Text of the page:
Director: Daniel Barber
Starring: Michael Caine, Emily Mortimer, Iain Glen, LiamCunningham, Ben Drew, Jack O?Connell, Charlie Creed-Miles, David Bradley
UK Release date: 11 November 2009
Certificate: 18 (103 mins)
Harry Brown is a vicious fantasy. It represents inner-city England as a nightmare of hooded youths, sink estates dominated by crime, with only a beleaguered police force and vigilant pensioners holding the line against complete social breakdown. There are no sympathetic young people in Harry Brown, no victims of broken families; only nasty gangsters, manipulated by other nasty gangsters, and the innocent elderly who are their prey.
The pitch for the film is obvious: take British social realism, and pitch it against the heroic American revenge movie. Michael Caine was the only choice for the hero. His career has encompassed both character performances and macho adventures, and he does bring a moving realism to his portrayal of Harry Brown. He manages to bring sincerity to both the wild shoot-’em-up finale and the scenes of Harry’s domestic grief, and his role, perhaps the only one written without a blatant stereotype in mind, holds together the film’s relentlessly bleak, and conservative vision.
There is plenty of tension in the shoot-outs, and the caricaturing of drug-dealers, rent-boys and street-corner louts makes this a memorable movie: the scene in the cannabis factory is a striking counter-blast to Guy Ritchie’s mockney fantasies. The final reveal, when the arch-villain turns out to be Sid, the landlord of Harry’s local is well-disguised – perhaps too well-disguised, since Harry’s surprise is echoed by the audience, who have forgotten who Sid actually is.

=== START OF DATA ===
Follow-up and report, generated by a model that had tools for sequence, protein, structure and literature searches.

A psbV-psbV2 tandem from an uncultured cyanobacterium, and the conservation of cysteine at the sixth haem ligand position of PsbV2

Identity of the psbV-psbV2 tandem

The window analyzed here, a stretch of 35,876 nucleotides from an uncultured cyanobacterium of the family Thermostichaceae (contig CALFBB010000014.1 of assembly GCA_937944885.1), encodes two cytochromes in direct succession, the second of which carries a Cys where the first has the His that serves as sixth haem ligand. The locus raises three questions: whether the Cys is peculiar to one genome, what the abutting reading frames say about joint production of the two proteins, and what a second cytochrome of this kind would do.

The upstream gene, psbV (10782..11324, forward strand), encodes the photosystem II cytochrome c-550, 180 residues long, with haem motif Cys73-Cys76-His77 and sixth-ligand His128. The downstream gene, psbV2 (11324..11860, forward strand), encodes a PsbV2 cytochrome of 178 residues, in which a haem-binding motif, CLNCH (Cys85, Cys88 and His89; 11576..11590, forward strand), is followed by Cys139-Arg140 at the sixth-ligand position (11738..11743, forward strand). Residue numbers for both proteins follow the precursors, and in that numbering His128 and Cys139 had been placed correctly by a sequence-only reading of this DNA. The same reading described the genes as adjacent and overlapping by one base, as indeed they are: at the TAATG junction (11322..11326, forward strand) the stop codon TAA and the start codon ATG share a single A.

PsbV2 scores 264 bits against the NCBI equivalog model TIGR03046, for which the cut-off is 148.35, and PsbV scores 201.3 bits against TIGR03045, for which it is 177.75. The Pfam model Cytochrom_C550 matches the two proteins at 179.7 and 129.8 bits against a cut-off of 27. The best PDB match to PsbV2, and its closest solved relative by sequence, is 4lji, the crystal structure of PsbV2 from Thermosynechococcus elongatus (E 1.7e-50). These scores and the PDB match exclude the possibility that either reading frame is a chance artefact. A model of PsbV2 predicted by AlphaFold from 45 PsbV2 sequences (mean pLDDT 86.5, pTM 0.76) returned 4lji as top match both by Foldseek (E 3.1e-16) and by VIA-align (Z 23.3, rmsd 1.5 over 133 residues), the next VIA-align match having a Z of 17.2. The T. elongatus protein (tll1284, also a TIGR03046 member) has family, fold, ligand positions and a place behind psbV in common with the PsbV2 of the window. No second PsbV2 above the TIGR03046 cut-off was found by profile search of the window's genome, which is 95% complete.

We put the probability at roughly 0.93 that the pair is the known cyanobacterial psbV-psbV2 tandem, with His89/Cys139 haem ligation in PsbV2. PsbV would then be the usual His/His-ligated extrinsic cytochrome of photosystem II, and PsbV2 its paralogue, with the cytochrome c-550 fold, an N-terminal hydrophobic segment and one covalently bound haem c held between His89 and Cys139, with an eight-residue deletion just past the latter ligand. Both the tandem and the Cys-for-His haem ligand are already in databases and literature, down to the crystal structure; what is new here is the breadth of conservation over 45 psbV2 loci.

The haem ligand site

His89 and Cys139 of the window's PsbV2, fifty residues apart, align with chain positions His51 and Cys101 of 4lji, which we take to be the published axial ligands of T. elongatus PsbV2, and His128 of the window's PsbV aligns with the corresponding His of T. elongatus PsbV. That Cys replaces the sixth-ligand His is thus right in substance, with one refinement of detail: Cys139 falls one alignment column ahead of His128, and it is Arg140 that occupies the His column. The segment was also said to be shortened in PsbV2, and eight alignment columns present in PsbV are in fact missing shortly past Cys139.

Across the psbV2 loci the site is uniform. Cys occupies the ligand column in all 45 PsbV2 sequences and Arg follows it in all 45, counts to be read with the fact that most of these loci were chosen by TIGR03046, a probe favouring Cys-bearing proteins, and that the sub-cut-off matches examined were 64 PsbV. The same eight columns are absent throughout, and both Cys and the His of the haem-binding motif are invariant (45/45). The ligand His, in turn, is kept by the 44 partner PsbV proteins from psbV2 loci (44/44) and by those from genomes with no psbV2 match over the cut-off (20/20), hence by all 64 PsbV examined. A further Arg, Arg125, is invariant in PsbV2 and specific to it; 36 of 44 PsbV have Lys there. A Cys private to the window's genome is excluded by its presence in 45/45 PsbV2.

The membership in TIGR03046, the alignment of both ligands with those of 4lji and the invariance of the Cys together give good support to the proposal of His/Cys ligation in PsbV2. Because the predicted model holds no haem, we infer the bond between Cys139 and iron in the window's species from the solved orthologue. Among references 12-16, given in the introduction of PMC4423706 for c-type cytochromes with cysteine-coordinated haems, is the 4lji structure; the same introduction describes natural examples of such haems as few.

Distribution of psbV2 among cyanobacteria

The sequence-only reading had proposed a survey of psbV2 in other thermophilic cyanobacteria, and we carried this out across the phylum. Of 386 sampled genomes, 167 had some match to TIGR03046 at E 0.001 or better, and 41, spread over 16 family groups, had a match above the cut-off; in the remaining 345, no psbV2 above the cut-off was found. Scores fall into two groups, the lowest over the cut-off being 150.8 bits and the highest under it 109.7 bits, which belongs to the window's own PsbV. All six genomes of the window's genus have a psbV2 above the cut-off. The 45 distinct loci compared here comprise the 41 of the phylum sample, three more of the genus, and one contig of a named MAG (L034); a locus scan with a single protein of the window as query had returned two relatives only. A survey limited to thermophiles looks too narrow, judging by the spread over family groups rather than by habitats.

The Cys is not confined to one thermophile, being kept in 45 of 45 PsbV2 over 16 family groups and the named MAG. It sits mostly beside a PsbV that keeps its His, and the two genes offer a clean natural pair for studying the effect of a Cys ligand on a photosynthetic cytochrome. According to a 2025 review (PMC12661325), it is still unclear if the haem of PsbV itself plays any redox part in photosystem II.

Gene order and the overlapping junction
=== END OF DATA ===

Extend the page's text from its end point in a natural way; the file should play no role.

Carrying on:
Unfortunately, the gritty realism becomes overwhelming, the brutality sickening. The over-groomed police commissioner is inevitably proven wrong by the plucky, compassionate female detective, and Brown commits his killings with impunity and cleans up the estate. The strange mismatch of British attention to detail – the early scenes recall Ken Loach – and American drama – Caine is impersonating Clint Eastwood with a London accent by the end – lends the narrative an uncomfortable, if appropriate, tension and, as a description of hell on earth, the underpass that links Brown’s estate to the hospital is unforgettable.
The film’s moral foundation is equally disturbing. Caine’s past in Northern Ireland is merely a training ground for his murderous skills, and the youngsters are just nasty because they can be. A brief scene, where Brown puts the money taken from two dead drug-dealers into a church collection box, seems to signify his moral intent, but fails to consider quite what the Church would make of an old man running the streets tooled-up and angry.
At no point is there any discussion of the circumstances or political or social forces that might have shaped the chaos and alienation, no hope of redemption except through gunshot and knife-blade. This is a fascinating, home-grown take on the revenge movie, and Caine, once again, shows his versatility: there is, however, a dark undertone to the excitement, especially when set against a film like The White Ribbon, which manages to explain evil without condoning it.
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